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Electricity and Gas Industries Bill 2003

13 August 2004

Hon Pete Hodgson:

Second reading, Electricity and Gas Industries Bill 2003

I move that the Electricity and Gas Industries Bill be now read a second time.

This bill is a further milestone in providing New Zealand with energy in an efficient, fair, reliable and environmentally sustainable manner in the post-Maui environment.

The bill contains measures to promote security of supply, consumer protection, competition, and to improve the governance of the electricity and gas industries. It updates the Electricity Act 1992 to take account of the establishment of the Electricity Commission.

Electricity security of supply is clearly essential to New Zealand and New Zealanders. The bill provides an enhanced toolbox of powers for ensuring security of electricity supply, including enabling the Electricity Commission to contract for reserve energy supplies for very dry years. Additional regulation-making powers are provided for use if required, covering consumer protection, promotion of retail competition, improved information for market participants, and development of distributed generation.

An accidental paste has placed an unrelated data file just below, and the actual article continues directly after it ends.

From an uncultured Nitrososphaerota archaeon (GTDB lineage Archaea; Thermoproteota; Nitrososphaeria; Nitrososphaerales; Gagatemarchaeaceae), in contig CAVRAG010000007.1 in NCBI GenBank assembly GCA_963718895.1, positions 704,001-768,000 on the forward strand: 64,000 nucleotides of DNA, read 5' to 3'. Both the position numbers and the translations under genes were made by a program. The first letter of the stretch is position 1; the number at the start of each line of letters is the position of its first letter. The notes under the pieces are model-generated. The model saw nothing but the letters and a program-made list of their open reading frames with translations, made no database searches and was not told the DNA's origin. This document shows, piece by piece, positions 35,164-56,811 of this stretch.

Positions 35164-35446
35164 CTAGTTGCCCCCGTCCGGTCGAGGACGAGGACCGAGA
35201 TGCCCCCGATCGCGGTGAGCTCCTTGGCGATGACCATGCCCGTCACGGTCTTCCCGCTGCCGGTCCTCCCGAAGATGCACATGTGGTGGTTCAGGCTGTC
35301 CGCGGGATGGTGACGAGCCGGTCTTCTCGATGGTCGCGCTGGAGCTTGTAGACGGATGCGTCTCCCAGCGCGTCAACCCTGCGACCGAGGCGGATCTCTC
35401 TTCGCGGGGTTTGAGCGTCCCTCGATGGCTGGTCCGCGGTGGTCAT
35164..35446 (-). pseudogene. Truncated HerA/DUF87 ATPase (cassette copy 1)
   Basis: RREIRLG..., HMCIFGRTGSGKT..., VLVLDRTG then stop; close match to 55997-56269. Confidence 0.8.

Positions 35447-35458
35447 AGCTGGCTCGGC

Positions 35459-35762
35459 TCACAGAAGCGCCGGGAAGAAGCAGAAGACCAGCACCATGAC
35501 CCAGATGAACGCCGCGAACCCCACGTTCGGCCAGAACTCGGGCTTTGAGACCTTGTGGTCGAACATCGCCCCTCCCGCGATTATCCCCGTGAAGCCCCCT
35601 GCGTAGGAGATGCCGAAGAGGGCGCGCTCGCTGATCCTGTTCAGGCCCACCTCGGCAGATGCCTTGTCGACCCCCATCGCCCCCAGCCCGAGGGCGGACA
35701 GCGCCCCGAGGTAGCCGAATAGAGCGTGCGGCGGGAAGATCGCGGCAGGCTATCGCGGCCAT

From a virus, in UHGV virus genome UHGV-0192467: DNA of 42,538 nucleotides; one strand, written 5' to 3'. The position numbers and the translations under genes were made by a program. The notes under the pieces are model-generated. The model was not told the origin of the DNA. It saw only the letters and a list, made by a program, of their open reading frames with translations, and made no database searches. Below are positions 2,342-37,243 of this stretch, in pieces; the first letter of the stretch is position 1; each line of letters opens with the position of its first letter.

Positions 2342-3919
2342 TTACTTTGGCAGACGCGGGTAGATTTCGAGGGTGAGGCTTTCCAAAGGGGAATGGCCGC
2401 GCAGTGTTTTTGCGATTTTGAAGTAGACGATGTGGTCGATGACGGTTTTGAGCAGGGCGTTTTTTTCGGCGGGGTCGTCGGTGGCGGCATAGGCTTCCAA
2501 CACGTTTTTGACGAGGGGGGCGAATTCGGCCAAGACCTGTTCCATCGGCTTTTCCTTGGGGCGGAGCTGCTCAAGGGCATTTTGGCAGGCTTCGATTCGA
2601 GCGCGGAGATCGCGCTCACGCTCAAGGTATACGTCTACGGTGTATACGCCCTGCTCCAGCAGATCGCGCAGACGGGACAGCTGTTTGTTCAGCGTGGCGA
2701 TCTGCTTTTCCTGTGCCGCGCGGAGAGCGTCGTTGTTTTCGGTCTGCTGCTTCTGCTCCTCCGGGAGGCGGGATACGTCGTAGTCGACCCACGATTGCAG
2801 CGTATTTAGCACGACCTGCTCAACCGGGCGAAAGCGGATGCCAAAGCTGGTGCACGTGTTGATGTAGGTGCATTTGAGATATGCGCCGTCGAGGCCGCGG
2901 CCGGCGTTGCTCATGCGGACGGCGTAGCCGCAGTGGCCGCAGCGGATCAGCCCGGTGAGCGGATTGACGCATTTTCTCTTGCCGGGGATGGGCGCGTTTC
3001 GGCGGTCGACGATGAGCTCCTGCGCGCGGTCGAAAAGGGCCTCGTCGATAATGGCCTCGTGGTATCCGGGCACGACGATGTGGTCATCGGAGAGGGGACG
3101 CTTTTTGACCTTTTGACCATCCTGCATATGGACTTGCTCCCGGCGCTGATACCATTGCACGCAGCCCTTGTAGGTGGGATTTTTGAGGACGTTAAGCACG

Regulation-making powers are also provided under the Crown Minerals Act to allow better disclosure of information relating to gas and oil reserves.

The bill also amends the Commerce Act to clarify the interface between the functions and powers of the Commerce Commission and the Electricity Commission in relation to control of electricity distribution companies.